In the light of the economic crises in the corporate world in the last few years and the changes that have also been precipitated by emerging start-ups, HR has to become future forward to stay relevant. HR professionals can help turn aspirations into actions by focusing on three things:  talent, culture and leadership.

HR professionals should then be the architects of talent, culture, and leadership as they help line managers deliver what they promise.

In the course of NxtSpark’s work on Talent Development, I work closely with organizations on challenges faced by them with their people – ranging from change management, competency development, leadership building, mentoring, etc.  Most of the times, our clients approach us not with the problem per se but with the manifestation of the problem. During our conversations, on how the interventions designed and deployed by us is going to help them, I have realized that their focus is usually on the episodes where the business manager has faced the challenges with his people in executing and implementing and they want overnight solutions. As is the case with any behavioral change, it takes time, a process and an environment that sustains the change.

Basis experience of working with the clients, I have sifted the crucial observations and parameters of making HR interventions work. Here are the top pointers on how to get the best out of such HR interventions:

Solve the problem, not the manifestation: Getting to the root of the problem is important. Most of the times the attempt is to address the manifestation rather than the problem itself. One of our clients had a challenge around their managers not being able to do ‘Next Level Thinking’. The workshop was then designed on what’s causing this challenge, providing conceptual frameworks for the participants to get equipped on the skills to overcome this challenge and simulating case situations to enable them overcome that problem in the workshop.

Align the intervention outcomes with the business objectives: This is perhaps the most important criteria to ensure success of any HR intervention. Without linking the outcomes with the business objectives the training becomes an ‘offsite’ to relax, network with other colleagues in the organizations and only to go back to their work with no clarity on what has been learnt and how to use in the workplace. E.g. if a communication skill improvement has been planned through a workshop, it should be linked to in what sphere the communication needs to improve – whether it is with the customers or internally with other colleagues of the team or another department. Having clarity around this ensure that the workshop has enough activities and modules to simulate the real situations in which those skills will be tested.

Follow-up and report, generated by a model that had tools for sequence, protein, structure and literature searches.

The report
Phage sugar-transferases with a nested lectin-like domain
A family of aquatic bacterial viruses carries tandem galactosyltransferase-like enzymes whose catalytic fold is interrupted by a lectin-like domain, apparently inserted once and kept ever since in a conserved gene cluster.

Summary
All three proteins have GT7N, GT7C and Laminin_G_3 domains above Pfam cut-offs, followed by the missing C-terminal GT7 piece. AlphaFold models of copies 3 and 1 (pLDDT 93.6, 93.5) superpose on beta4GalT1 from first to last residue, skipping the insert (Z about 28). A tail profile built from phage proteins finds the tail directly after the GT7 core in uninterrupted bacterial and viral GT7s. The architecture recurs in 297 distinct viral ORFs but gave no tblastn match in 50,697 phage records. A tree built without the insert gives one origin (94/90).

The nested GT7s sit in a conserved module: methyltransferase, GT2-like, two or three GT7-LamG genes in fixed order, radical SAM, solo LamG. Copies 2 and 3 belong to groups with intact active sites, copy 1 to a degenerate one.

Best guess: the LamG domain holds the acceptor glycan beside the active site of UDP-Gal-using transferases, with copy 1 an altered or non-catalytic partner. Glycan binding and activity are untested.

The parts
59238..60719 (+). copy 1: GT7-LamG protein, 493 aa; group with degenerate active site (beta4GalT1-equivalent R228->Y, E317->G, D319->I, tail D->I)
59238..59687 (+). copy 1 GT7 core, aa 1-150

Don’t look for quick fixes: Business managers want overnight solutions to problems that have persisted for ages. When dealing with HR interventions, one has to realize that people base their world views based on their background and that has been built over years of experience. Once the change has been set into motion in a workshop, it takes a little bit of time and constant encouragement to reinforce and continue the process of change in the individual.

Ensure follow-through happens: After the training or the workshop, it’s imperative that the business manager provides necessary projects and assignments to the people who have gone through the workshop. These projects allow the people to implement the concepts that they have learnt and receive feedback on how they can improve.

Identify and track post intervention metrics: Metrics for measuring the success of workshops need to be identified in advance and then tracked at regular intervals. Feedback from peers, managers and customers can be taken to track the progress on the identified metrics. These metrics can then be processed further through Analytics tools to give insights on what can be done to improve performance, achieve business objectives, have sharply-focused training programs, design better compensation structures etc.